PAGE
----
Pot Use in the Workplace: Legal Q & A


OCT 3, 2018  By Hugh McPhail, Q.C.

ALBERTA: In less than a month, possession of cannabis will become legal. October 17th is the date chosen by the federal government to make this profound change for Canadian society.

McLennan Ross LLP will be holding a webinar on the topic of legalized cannabis on October 17th where this topic will be addressed in detail. However, for those who want some basic answers before or who are unable to listen in to the webinar, we offer some answers to questions that many employers are probably thinking about:

1. Are all cannabis products a concern for employers?

No. Cannabis includes many chemicals. THC is the troubling one because it has an impairing effect and that effect continues even after a period of abstinence. CBD is another chemical in cannabis and there are some products which contain high concentrations of CBD and virtually no THC. There is some evidence to support medical benefits from the use of CBD products. It seems to be accepted by the medical authorities that CBD is not impairing. Many of the physician authorizations have been for the use of CBD products with negligible amounts of THC.

2. Will legalization spell the end of the “medical marijuana” authorization scheme?

Not yet. The Canadian Medical Association is in favour of bringing it to an end but some physicians want to preserve the authorization scheme. There are no plans to end it just yet.

3. Come October 17th, will I be unable to ask employees about their cannabis use?

It may be an invasion of privacy to compel employees to answer questions about their cannabis use unless there is a reason to know. There is probably a reason to know if they are employed in a safety sensitive position but employees in other positions are probably entitled to refuse to answer.

4. Will legalization mean that I cannot refuse to hire someone because they admit using cannabis products containing significant amounts of THC or if they test positive for THC?

In general, an employer can hire whom they want to unless it will mean breaking a specific law. The most relevant law here is the Alberta Human Rights Act which prohibits discrimination on the basis of disability. Addiction to cannabis products would be a disability. Casual use is not. Some individuals might also have a specific physical or mental disability of some kind where their physician recommends and authorizes a cannabis product for treatment purposes. If the individual fits one of these two categories, then the law might prevent you from refusing to hire them. You would have to show that it would be undue hardship for you to take the risk. There is a human rights duty to accommodate any disability to the point of undue hardship.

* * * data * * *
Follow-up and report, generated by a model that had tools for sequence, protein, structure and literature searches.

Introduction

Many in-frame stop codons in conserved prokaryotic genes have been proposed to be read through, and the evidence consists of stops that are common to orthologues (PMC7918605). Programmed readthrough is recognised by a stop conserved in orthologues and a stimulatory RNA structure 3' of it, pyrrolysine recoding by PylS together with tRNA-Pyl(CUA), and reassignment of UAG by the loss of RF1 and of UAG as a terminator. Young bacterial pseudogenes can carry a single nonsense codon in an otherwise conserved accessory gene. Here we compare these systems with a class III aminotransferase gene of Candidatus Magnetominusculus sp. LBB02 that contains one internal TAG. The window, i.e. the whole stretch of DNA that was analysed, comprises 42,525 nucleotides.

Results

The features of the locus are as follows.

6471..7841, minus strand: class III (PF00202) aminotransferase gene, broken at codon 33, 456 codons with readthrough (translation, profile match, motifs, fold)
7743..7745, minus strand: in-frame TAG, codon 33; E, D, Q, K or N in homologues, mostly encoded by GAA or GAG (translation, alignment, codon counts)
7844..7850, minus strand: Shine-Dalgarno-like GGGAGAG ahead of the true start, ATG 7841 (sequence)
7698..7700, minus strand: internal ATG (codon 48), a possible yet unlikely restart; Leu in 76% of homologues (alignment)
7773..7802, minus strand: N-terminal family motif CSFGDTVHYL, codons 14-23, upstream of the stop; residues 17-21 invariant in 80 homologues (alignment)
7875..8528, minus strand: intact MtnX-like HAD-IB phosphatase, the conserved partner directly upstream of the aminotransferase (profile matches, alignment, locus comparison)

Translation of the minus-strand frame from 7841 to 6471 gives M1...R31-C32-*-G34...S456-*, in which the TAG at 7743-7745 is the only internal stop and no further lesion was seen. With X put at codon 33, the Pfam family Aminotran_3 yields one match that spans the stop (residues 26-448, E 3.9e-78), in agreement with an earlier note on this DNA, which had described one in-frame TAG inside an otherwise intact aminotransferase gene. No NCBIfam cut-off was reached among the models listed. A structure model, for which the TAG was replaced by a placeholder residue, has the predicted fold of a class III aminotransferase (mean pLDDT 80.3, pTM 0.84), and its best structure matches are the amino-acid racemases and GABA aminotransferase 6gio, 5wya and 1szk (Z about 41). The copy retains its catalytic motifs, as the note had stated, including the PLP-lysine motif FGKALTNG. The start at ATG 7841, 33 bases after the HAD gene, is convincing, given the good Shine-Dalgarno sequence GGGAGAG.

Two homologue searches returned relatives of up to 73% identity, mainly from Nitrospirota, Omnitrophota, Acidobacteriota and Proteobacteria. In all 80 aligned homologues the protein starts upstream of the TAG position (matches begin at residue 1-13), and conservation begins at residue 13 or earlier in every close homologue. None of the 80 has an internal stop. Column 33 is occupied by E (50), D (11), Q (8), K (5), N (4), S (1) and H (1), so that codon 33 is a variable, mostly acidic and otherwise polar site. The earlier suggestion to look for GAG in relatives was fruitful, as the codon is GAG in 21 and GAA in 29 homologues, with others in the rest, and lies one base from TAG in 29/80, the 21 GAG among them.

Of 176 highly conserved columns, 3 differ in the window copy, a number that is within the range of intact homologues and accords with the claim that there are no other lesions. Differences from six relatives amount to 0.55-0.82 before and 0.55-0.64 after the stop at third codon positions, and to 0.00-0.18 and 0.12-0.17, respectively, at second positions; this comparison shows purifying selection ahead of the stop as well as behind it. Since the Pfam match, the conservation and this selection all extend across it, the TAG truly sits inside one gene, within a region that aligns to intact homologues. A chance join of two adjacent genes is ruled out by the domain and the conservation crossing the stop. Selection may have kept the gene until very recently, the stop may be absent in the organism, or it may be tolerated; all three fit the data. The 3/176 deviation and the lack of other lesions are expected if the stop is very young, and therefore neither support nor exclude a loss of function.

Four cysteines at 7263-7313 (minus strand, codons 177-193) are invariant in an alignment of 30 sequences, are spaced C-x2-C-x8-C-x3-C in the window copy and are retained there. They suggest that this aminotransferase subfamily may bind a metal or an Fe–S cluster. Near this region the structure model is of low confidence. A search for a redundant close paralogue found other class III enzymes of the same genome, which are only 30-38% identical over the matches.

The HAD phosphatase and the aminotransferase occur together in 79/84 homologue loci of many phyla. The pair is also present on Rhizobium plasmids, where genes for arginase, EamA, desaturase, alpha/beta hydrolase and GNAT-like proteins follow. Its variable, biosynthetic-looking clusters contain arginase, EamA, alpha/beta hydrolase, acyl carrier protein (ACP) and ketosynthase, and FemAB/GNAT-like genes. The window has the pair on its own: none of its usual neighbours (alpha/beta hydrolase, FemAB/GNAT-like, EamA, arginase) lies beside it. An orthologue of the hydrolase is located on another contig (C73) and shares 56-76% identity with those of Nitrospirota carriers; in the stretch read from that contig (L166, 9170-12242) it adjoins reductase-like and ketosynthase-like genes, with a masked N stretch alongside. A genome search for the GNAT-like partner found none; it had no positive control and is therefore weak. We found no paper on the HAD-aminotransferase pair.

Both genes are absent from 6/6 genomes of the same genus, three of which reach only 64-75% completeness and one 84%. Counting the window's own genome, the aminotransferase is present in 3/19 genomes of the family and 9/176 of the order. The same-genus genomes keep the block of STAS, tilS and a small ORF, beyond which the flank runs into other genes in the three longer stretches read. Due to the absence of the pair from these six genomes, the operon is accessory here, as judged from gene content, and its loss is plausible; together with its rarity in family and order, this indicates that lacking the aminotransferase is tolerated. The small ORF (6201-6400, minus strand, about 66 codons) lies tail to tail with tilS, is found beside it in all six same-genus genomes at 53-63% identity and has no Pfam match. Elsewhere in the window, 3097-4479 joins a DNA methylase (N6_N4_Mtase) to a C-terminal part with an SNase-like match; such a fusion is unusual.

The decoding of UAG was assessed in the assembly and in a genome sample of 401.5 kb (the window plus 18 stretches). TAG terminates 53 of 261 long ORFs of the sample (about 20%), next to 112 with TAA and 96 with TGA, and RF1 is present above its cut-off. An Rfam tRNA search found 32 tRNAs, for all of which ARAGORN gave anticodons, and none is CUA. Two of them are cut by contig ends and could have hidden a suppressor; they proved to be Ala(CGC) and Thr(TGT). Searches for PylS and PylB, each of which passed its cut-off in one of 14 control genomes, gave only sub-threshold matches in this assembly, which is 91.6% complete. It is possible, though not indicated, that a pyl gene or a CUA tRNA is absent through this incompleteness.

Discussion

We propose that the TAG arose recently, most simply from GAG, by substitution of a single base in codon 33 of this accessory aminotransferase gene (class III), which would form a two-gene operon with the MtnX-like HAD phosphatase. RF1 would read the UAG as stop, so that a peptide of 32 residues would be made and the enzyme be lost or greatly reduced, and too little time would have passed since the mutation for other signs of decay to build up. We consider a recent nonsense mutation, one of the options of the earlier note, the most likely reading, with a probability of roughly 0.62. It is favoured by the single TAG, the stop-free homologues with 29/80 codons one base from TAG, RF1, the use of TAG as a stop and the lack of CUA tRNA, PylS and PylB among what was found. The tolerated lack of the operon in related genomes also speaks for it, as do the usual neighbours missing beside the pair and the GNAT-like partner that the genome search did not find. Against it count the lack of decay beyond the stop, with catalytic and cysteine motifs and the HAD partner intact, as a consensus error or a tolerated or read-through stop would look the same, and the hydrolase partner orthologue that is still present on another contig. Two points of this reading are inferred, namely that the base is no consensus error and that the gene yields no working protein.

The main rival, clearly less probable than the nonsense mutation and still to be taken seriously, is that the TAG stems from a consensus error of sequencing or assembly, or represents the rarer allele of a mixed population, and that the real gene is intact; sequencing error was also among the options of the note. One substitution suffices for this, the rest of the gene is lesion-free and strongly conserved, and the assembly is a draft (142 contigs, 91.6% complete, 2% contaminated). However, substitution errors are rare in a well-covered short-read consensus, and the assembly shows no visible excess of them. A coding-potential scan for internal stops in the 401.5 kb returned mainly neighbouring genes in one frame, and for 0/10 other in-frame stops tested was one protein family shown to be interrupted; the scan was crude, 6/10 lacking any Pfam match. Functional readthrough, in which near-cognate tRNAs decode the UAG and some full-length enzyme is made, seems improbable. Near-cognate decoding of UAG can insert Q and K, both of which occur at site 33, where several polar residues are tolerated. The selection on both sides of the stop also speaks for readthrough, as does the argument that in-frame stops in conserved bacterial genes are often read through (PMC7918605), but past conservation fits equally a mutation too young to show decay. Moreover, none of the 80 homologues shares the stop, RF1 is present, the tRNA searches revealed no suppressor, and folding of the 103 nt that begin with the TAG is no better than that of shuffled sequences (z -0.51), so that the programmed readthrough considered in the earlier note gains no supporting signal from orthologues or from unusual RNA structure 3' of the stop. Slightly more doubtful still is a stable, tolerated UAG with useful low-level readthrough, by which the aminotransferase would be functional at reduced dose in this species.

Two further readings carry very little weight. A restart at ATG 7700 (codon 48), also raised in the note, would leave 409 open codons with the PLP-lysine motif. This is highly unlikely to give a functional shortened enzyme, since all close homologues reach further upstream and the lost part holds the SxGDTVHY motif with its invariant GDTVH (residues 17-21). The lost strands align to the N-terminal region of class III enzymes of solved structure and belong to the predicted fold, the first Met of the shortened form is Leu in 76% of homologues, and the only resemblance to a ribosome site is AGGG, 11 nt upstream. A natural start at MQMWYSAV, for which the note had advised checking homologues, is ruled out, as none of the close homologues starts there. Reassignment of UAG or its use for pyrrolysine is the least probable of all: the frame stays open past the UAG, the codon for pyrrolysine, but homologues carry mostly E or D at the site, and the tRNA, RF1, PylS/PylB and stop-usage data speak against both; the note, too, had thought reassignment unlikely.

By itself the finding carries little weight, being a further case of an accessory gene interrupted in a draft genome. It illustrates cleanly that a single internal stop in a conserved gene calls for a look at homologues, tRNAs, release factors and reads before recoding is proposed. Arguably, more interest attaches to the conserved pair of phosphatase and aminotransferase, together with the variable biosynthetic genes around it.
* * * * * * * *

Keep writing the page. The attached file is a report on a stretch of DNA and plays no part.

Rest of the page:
5. But what if they are working in a safety sensitive position?

That may not matter. It is not true in all cases that use of cannabis products is incompatible with working in a safety sensitive position. It depends first on whether the cannabis product contains THC which is the impairing ingredient. Secondly, although there are many experts who will say that regular use is incompatible with working in a safety sensitive position, some casual use may not be. It all depends.

6. The government permits blood testing to prove impaired driving and the legislation sets specific limits on the amount of THC in the blood that proves impairment for the purposes of Criminal Code offences. Is there anything similar for employers?

No. Governments have been urged to help with worksite safety instead of only focusing on road safety but nothing has been done yet to legislatively permit testing, require disclosure, or to set per se limits that will be of any use to employers.

7. Are there specific concentrations of THC as shown by oral swab testing or urine samples that prove impairment?


8. Will legalization mean that objections to random testing will ease?

No, there is no sign of that yet. Employers must still prove a significant problem with drugs in the workplace before implementing random drug testing on a worksite.

9. Will employers be able to automatically fire workers who repeatedly continue to use cannabis products while working in safety sensitive positions? Will recurrent positive tests justify termination?